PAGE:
Thomas Jefferson and his Decimals 1775–1810: Neglected Years in the History of U.S. School Mathematics

Authors: Clements, M. A. Ken, Ellerton, Nerida F.

  • Extensive use of primary sources to fully detail the issue of metrication
  • Synthesizes 400 years of historical data
  • Analyzes the implications of non-metrication for mathematics educators and the field of mathematics education
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About this book

This well-illustrated book, by two established historians of school mathematics, documents Thomas Jefferson’s quest, after 1775, to introduce a form of decimal currency to the fledgling United States of America. The book describes a remarkable study showing how the United States’ decision to adopt a fully decimalized, carefully conceived national currency ultimately had a profound effect on U.S. school mathematics curricula.

The book shows, by analyzing a large set of arithmetic textbooks and an even larger set of handwritten cyphering books, that although most eighteenth- and nineteenth-century authors of arithmetic textbooks included sections on vulgar and decimal fractions, most school students who prepared cyphering books did not study either vulgar or decimal fractions. In other words, author-intended school arithmetic curricula were not matched by teacher-implemented school arithmetic curricula. Amazingly, that state of affairs continued even after the U.S. Mint began minting dollars, cents and dimes in the 1790s. In U.S. schools between 1775 and 1810 it was often the case that Federal money was studied but decimal fractions were not. That gradually changed during the first century of the formal existence of the United States of America. By contrast, Chapter 6 reports a comparative analysis of data showing that in Great Britain only a minority of eighteenth- and nineteenth-century school students studied decimal fractions. Clements and Ellerton argue that Jefferson’s success in establishing a system of decimalized Federal money had educationally significant effects on implemented school arithmetic curricula in the United States of America.

The lens through which Clements and Ellerton have analyzed their large data sets has been the lag-time theoretical position which they have developed. That theory posits that the time between when an important mathematical “discovery” is made (or a concept is “created”) and when that discovery (or concept) becomes an important part of school mathematics is dependent on mathematical, social, political and economic factors. Thus, lag time varies from region to region, and from nation to nation.

Clements and Ellerton are the first to identify the years after 1775 as the dawn of a new day in U.S. school mathematics—traditionally, historians have argued that nothing in U.S. school mathematics was worthy of serious study until the 1820s. This book emphasizes the importance of the acceptance of decimal currency so far as school mathematics is concerned. It also draws attention to the consequences for school mathematics of the conscious decision of the U.S. Congress not to proceed with Thomas Jefferson’s grand scheme for a system of decimalized weights and measures.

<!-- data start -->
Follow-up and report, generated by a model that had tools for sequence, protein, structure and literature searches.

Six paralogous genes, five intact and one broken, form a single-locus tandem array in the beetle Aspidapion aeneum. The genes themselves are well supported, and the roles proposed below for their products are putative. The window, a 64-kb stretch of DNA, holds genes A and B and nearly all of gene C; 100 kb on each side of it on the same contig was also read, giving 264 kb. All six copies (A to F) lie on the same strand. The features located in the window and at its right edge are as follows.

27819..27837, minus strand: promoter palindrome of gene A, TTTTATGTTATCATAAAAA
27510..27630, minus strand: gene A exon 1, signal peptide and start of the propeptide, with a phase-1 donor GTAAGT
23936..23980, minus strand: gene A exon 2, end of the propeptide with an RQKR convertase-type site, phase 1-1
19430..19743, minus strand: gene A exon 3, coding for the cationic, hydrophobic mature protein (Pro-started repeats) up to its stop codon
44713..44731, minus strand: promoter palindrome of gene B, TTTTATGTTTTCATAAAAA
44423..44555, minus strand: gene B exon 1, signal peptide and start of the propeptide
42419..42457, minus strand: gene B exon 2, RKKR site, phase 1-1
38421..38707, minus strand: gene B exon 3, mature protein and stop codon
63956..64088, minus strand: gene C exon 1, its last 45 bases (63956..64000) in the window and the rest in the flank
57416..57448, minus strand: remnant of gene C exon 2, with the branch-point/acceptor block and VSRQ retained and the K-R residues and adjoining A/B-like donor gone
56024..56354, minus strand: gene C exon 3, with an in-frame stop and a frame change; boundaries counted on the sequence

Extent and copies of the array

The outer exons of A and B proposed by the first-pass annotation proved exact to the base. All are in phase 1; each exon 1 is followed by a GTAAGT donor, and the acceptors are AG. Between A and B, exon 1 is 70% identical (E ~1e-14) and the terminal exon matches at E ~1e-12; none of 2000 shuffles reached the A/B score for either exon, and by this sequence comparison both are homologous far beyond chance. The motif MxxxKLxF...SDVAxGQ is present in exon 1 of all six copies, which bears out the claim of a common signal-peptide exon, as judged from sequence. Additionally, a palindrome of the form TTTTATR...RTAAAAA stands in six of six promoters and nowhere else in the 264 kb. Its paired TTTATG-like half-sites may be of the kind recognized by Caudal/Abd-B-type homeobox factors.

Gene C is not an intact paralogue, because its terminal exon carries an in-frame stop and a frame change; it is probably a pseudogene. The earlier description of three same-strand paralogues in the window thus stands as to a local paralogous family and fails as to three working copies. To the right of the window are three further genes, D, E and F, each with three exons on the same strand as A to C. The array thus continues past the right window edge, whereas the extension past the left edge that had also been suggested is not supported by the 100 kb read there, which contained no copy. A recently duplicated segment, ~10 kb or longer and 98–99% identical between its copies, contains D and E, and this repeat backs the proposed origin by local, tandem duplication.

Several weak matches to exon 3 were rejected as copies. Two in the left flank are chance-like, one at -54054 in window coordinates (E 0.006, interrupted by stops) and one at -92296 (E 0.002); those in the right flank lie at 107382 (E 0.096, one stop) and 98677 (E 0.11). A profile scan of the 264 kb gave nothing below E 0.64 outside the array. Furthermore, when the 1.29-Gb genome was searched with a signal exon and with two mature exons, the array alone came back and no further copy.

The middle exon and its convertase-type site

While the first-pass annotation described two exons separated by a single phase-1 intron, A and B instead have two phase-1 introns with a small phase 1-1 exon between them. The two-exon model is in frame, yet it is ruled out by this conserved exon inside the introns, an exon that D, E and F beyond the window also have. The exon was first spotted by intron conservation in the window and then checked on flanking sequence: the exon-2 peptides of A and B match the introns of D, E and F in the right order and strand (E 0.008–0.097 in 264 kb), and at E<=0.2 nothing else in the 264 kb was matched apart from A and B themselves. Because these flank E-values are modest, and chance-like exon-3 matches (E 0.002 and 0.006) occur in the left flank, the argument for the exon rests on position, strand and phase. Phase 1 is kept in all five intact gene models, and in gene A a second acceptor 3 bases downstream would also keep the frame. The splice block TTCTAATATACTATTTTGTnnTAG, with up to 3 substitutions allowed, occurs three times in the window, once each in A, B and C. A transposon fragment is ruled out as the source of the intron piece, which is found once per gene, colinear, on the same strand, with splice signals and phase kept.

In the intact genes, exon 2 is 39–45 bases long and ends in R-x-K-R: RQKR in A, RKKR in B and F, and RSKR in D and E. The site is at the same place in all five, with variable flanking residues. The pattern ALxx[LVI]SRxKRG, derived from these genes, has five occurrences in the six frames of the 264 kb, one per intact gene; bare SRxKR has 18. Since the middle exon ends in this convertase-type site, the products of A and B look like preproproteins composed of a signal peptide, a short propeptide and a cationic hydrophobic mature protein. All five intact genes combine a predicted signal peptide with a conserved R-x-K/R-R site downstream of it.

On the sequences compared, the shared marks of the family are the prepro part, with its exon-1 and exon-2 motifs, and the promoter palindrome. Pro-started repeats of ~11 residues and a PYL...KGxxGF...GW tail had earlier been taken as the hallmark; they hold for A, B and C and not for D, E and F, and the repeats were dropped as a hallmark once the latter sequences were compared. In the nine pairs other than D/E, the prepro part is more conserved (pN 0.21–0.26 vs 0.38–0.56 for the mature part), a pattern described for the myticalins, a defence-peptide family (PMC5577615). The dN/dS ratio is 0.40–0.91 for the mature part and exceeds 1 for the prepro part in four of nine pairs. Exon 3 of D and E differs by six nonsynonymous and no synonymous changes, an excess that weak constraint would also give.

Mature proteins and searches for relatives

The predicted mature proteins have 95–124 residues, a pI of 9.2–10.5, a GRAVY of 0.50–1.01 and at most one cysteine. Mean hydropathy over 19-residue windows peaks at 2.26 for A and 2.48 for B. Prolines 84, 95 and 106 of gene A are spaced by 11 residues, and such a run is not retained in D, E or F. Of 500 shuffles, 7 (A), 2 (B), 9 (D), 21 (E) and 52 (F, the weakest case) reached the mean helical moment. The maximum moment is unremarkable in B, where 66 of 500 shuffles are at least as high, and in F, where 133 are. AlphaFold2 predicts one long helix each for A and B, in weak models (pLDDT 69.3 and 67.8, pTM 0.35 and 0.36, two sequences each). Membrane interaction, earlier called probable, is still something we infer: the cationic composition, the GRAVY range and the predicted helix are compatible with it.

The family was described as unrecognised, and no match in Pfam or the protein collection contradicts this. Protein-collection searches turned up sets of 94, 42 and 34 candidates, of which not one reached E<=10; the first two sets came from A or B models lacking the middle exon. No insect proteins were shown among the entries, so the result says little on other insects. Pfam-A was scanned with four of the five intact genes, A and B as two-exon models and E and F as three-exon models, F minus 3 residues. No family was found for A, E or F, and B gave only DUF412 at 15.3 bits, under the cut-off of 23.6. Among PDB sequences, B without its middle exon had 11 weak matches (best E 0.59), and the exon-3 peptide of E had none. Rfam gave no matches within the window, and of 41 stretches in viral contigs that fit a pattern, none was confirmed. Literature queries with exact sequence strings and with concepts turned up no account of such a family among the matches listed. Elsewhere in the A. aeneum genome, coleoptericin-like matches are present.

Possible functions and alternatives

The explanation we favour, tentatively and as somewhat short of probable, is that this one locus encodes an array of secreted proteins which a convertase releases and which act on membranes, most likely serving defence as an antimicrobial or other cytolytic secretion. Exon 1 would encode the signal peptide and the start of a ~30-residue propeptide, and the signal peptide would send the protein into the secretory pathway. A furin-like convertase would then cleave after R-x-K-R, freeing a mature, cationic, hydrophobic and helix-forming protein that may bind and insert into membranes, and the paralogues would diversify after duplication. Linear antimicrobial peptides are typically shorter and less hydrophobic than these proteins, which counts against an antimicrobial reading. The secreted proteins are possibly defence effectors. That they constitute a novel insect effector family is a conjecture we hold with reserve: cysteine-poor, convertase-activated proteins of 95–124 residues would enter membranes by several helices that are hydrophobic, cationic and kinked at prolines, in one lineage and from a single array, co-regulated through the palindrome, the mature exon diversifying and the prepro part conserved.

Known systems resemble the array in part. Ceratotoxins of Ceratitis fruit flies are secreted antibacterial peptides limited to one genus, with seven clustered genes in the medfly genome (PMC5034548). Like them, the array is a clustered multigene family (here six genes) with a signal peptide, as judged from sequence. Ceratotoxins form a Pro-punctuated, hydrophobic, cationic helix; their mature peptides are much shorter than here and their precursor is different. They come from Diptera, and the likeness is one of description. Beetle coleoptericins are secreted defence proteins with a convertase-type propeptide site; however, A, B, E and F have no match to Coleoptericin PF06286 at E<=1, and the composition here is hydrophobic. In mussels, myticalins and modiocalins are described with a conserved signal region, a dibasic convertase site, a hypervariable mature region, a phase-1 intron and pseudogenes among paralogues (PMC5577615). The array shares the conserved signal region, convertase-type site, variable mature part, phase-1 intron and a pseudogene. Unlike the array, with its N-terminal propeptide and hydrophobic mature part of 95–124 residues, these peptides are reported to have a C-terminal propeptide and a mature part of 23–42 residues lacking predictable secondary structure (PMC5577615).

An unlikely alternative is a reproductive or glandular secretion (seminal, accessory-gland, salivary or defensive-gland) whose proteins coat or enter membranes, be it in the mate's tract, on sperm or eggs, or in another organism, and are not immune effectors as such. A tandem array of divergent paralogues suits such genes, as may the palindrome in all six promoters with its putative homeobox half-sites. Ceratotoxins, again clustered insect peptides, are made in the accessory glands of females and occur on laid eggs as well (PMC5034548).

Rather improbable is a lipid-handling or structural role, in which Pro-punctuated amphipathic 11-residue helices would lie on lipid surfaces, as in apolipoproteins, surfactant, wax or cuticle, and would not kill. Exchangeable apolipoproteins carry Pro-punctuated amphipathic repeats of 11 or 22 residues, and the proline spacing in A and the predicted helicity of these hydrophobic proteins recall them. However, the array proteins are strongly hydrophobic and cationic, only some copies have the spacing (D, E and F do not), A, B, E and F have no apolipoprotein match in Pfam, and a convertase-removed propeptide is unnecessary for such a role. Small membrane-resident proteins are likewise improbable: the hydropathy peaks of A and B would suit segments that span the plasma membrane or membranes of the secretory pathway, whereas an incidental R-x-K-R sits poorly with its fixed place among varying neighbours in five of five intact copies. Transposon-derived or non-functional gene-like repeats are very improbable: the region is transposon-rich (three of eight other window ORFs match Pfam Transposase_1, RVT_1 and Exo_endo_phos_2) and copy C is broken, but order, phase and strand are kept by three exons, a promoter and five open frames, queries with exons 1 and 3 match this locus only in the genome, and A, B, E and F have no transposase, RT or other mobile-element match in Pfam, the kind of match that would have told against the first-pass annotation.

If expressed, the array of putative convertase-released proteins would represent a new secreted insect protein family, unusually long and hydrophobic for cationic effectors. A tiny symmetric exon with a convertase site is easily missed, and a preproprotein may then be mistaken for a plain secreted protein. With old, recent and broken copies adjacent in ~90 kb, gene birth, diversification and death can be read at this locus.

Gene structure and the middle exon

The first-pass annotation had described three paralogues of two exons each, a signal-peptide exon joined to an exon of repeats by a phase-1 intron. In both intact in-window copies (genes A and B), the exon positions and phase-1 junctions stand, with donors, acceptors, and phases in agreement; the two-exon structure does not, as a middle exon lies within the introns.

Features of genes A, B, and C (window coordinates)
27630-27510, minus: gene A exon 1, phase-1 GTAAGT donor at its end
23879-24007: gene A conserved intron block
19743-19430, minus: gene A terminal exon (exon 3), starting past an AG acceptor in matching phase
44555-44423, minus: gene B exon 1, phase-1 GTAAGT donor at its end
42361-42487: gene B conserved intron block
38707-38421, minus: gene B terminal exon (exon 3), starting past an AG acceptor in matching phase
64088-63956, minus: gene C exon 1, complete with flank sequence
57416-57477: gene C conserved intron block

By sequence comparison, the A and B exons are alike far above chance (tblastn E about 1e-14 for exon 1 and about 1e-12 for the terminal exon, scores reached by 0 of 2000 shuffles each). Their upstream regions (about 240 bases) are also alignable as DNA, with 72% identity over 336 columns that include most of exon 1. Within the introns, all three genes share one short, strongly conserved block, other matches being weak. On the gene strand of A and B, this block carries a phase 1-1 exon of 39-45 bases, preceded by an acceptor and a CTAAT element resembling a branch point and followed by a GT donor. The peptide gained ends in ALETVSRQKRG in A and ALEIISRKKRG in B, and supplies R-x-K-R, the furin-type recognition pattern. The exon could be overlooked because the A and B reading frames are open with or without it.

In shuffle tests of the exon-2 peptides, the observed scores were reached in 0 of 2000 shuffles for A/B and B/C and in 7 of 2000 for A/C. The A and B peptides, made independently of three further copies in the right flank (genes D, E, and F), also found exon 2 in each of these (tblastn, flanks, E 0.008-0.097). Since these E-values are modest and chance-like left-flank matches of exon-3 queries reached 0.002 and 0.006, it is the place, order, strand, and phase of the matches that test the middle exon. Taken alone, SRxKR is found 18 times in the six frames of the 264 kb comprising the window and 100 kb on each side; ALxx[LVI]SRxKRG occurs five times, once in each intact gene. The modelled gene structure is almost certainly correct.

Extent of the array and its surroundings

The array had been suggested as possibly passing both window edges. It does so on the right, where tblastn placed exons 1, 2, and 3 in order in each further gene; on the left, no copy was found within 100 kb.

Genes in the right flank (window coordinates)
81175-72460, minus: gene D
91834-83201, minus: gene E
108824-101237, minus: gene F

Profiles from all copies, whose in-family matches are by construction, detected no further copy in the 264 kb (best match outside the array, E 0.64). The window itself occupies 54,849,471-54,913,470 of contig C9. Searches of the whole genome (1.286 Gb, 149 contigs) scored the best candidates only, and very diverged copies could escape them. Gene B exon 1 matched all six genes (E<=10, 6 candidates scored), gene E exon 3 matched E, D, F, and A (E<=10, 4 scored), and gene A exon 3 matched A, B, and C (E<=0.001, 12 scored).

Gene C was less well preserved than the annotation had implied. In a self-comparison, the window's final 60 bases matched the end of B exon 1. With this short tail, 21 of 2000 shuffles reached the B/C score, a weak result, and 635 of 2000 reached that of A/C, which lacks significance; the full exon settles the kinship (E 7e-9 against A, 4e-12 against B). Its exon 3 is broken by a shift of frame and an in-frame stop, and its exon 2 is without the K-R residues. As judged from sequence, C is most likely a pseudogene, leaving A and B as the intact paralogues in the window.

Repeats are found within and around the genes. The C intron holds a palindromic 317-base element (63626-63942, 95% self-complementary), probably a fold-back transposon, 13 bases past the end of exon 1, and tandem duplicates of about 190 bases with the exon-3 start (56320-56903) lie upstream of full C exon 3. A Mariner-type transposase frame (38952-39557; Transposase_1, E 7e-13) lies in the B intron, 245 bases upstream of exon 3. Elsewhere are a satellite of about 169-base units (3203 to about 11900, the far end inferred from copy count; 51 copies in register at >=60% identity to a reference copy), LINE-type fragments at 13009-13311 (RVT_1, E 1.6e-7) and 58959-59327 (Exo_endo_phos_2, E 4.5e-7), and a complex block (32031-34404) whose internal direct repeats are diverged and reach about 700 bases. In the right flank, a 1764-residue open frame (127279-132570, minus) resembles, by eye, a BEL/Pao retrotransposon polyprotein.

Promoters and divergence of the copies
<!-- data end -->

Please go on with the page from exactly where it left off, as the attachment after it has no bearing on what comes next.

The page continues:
About the authors

M. A. (“Ken”) Clements is Professor in the Department of Mathematics at Illinois State University. After teaching in schools for 10 years, he taught in three Australian universities (Monash, Deakin, and Newcastle), and at Universiti Brunei Darussalam (1997–2004). He has served as a consultant in India, Malaysia, PNG, South Africa, Thailand and Vietnam, and has been an editor for the three international handbooks on mathematics education (1996, 2003, 2012). He has written or edited 25 books and has authored many peer-reviewed articles. In 1996 he co-authored, with Nerida Ellerton, a UNESCO book on mathematics education research. He is honorary life member of both the Mathematics Education Research Group of Australasia (MERGA) and the Mathematical Association of Victoria (MAV).

Table of contents (7 chapters)

  • 1776: Dawn of a New Day in School Mathematics in North America

    Clements, M. A. (Ken) (et al.)

    Pages 1-21

  • The Abbaco Curriculum in Colonial Schools in North America Before 1776

    Clements, M. A. (Ken) (et al.)

    Pages 23-58

  • Thomas Jefferson and an Arithmetic for the People

    Clements, M. A. (Ken) (et al.)

    Pages 59-79

  • Weights and Measures in Teacher-Implemented Arithmetic Curricula in Eighteenth-Century North American Schools

    Clements, M. A. (Ken) (et al.)

    Pages 81-102

  • Decimal Fractions and Federal Money in School Mathematics in the United States of America 1787–1810

    Clements, M. A. (Ken) (et al.)

    Pages 103-141

Buy this book

eBook $99.00
price for USA (gross)
  • ISBN 978-3-319-02505-6
  • Digitally watermarked, DRM-free
  • Included format: EPUB, PDF
  • ebooks can be used on all reading devices
  • Immediate eBook download after purchase
Hardcover $129.00
price for USA
  • ISBN 978-3-319-02504-9
  • Free shipping for individuals worldwide
  • Usually dispatched within 3 to 5 business days.
Softcover $129.00
price for USA
  • ISBN 978-3-319-34710-3
  • Free shipping for individuals worldwide
  • Usually dispatched within 3 to 5 business days.
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Bibliographic Information

Bibliographic Information
Book Title
Thomas Jefferson and his Decimals 1775–1810: Neglected Years in the History of U.S. School Mathematics
Authors
Copyright
2015
Publisher
Springer International Publishing
Copyright Holder
Springer International Publishing Switzerland
eBook ISBN
978-3-319-02505-6
DOI
10.1007/978-3-319-02505-6
Hardcover ISBN
978-3-319-02504-9
Softcover ISBN
978-3-319-34710-3
Edition Number
1
Number of Pages
XX, 204
Number of Illustrations and Tables
7 b/w illustrations, 38 illustrations in colour
Topics